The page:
Using Household Ammonia

Dear Margaret, I have a set of your leaflets on environmentally friendly lifestyles, in which you suggest using ammonia rather than washing soda for laundry & cleaning. Recently we had someone to speak to our community garden group about green cleaning, & she was strongly opposed to the use of ammonia. Please can you explain why you recommend it?

It's good to have some feedback.
When I first compiled these leaflets in 1989, I suggested using household ammonia (with precautions) only for cleaning ovens & carpets. In 1994, I learnt that using sodium compounds like hard soap, washing soda & bicarbonate of soda to replace soapless detergents poses it's own threat to the environment. All sodium compounds increase soil salinity, & in areas like the Adelaide Plains, with alkaline water-repellant soil, they also degrade soil structure.
So I decided to replace references to washing soda with liquid household ammonia, & to suggest it as an alternative to bicarb. soda & laundry soap, if the user did not suffer from asthma or any other lung complaint.

There are no perfect decisions. Cloudy ammonia contains a little soap, & it still adds nutrients to grey water. But these are nitrogen compounds, some of which degrade directly into the air, while those left in solution do not harm the soil, & are quickly taken up by leafy plants.

Inhaling the fumes from industrial strength ammonia causes respiratory distress & can damage lung tissue if exposure is prolonged, but observing safety procedures enables people to work with it without harm.
The domestic product is much weaker & less volatile. Although inhaling the fumes should be avoided, if it happens accidentally, they are much less irritating to most people than the fine dust released into the air when using detergents & soap powders, & are easily exhaled, while soap dust sticks to mucus membrane. But for people with sensitive lungs, the best choice is to use no wetting agent at all, or, if washing greasy laundry, Bicarb.soda.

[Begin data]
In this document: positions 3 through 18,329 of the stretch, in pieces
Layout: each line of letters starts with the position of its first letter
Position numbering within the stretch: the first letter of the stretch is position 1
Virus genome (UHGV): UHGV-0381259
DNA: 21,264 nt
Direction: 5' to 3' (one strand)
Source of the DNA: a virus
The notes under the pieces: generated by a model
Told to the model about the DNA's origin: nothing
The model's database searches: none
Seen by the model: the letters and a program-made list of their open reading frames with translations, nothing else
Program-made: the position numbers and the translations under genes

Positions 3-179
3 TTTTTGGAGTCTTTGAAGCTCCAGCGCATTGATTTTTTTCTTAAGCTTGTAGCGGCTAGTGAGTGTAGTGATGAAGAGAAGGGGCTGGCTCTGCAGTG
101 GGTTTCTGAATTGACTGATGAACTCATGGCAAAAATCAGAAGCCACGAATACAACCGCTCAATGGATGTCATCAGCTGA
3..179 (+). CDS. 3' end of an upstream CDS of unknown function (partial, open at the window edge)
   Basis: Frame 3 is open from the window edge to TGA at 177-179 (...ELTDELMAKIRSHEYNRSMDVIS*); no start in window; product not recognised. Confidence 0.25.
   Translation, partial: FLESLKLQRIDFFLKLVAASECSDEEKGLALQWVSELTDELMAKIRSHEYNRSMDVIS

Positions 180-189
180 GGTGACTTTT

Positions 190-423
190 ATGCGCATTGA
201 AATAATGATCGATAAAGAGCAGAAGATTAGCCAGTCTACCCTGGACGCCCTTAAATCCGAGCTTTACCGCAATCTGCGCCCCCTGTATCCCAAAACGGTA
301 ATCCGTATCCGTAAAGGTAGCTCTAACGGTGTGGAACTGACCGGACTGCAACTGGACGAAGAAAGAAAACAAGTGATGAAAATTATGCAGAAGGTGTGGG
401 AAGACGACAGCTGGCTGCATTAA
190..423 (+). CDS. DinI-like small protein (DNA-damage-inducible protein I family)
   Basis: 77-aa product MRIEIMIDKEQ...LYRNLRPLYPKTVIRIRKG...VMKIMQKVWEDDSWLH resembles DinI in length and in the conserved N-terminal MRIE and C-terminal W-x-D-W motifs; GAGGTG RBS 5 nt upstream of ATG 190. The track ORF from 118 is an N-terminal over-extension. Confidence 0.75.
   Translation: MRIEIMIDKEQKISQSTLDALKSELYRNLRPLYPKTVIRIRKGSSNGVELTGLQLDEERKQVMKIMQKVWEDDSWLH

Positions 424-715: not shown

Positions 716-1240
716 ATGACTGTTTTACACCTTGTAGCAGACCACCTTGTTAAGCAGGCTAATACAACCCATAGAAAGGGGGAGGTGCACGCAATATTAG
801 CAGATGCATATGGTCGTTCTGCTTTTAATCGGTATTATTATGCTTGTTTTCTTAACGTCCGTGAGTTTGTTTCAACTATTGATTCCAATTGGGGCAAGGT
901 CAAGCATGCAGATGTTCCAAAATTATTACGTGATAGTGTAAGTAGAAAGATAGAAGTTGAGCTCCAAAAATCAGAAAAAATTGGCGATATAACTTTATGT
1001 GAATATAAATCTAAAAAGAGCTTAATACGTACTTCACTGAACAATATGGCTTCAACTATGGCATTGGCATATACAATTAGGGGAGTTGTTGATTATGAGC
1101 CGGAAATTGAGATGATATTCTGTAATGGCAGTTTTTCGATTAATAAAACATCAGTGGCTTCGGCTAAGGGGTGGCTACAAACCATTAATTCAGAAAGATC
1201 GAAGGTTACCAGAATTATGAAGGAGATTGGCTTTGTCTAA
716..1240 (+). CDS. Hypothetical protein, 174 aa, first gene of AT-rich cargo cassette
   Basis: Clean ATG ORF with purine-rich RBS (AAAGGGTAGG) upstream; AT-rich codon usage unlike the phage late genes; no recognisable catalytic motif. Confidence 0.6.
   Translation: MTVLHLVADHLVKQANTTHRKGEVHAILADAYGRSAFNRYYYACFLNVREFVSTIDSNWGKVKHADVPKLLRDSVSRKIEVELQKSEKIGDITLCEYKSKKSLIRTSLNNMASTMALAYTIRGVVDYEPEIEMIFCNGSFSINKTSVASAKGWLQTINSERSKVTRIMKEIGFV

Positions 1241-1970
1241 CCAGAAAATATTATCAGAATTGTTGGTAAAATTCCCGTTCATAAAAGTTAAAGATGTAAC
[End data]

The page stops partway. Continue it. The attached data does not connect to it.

Potash based soap may still be available from large garden wholesalers. This is a soft soap used as a base for sprays, because it dissolves easily in water & contains a plant nutrient. It is no longer sold as a domestic cleanser.

Whatever you use to get your laundry clean, the important thing is not to use a skerrick more than you need to do the job. It is also important to use a weak acid solution as a fabric softener, rather than a commercial variety. Just add a cup of white vinegar or the juice of two lemons to the final rinse. This neutralises the alkaline residues, left by ordinary detergents & alternatives alike, leaves the laundry fresh, reduces the Ph of your grey water, & helps keep the pump of your washing machine from getting stuffed with soap scum & scale.

WARNING!
NEVER mix ammonia with chlorine bleach, or anything containing chlorine - it will give off a toxic gas, and may permanently damage your lungs!


Note: In researching & answering questions about earthwise living, Margaret offers information, opinion, & personal experience, but no quick fixes! Readers should evaluate these offerings in the context of their own situations; they are suggestions, *not* recommendations. Any responsibility for their implementation rests *solely* with the reader.

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